“These elephants move from Zimbabwe to our areas. Last year rangers had to kill one that was terrorizing our neighboring village,” said Mahwasane.
By then it was dark and too late, and risky as they only depend on two rangers to deal with more than six elephants.
The conflict between human and wildlife in this area is part of the ongoing heart breaking story in areas near wildlife parks across the world.
For years their livestock shared grazing with those from Zimbabwe. But the invasion by elephants is giving these villagers sleepless nights.
Mahwasane said the elephants cross freely through the borderless fence less than five kilometers from villagers’ farms.
Another villager said elephants were not the only problem. Instead lion and hyenas posed a serious threat devouring livestock.
“They move in and out willingly, even livestock graze in fear, if you see cattle running, it has become a signal that their territory has been invaded [by predators],” said Mahwasane.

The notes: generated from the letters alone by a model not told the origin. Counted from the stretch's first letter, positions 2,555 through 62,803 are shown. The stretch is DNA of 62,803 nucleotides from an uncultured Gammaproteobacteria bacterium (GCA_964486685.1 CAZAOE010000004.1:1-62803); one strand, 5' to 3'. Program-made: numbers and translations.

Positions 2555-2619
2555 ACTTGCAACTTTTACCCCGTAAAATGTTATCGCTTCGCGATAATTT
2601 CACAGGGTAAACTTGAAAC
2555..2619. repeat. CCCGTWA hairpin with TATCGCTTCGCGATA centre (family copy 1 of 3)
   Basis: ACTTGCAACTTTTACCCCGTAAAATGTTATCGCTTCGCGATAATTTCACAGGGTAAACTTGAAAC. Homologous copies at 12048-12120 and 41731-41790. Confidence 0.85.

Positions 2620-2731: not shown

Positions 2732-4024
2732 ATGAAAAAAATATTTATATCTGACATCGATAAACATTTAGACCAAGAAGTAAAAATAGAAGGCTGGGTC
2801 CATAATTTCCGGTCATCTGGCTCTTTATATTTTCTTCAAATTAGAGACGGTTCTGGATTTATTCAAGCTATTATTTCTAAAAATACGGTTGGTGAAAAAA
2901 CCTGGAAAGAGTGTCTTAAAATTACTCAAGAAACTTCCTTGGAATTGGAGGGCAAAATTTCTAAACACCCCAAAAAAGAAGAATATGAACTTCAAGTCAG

Even wood collectors have stopped venturing too far into the bush in fear of the marauding elephant. Some villagers have been reportedly killed by elephant.
The 22nd African Forestry and Wildlife Commission held at the Kruger National Park recently heard how African communities suffer from the ongoing human and wildlife conflict.
Edward Samuriwo Zimbabwe’s director of Environment and Natural Resources said the country is struggling to manage its population of more than 46 000 elephants.
He said due to lack of grazing in the national parks, their elephants threatened villagers.
The country population remains as their hands are bind by CITES agreement, which has banned hunting and sale of elephant trophy.
Namibia’s director of Wildlife and Forestry Joseph Hailwa said countries like Zimbabwe struggling with wildlife overpopulation should be allowed to sell some of their animals.
He said some countries found themselves with piles of ivory tusk, and are unable to sell because of Cites. He argues that a submission should be made to Cites to relax the ban.
“We have reached a maximum carrying capacity for animals, let us be allowed to and manage our resources,” said Hailwa.
According to Food and Agricultural Organization’s Forestry Officer Wildlife and Protected areas Kristina Rodina the organization has found that there are no policies designated to mitigate Human and Wildlife conflict in most countries.
“Lack of stand-alone policies and strategies to address human and wildlife conflict,” she said
Rodina said effective multi-sectoral approach is needed to deal with the ongoing conflict. – copyright Mukurukuru Media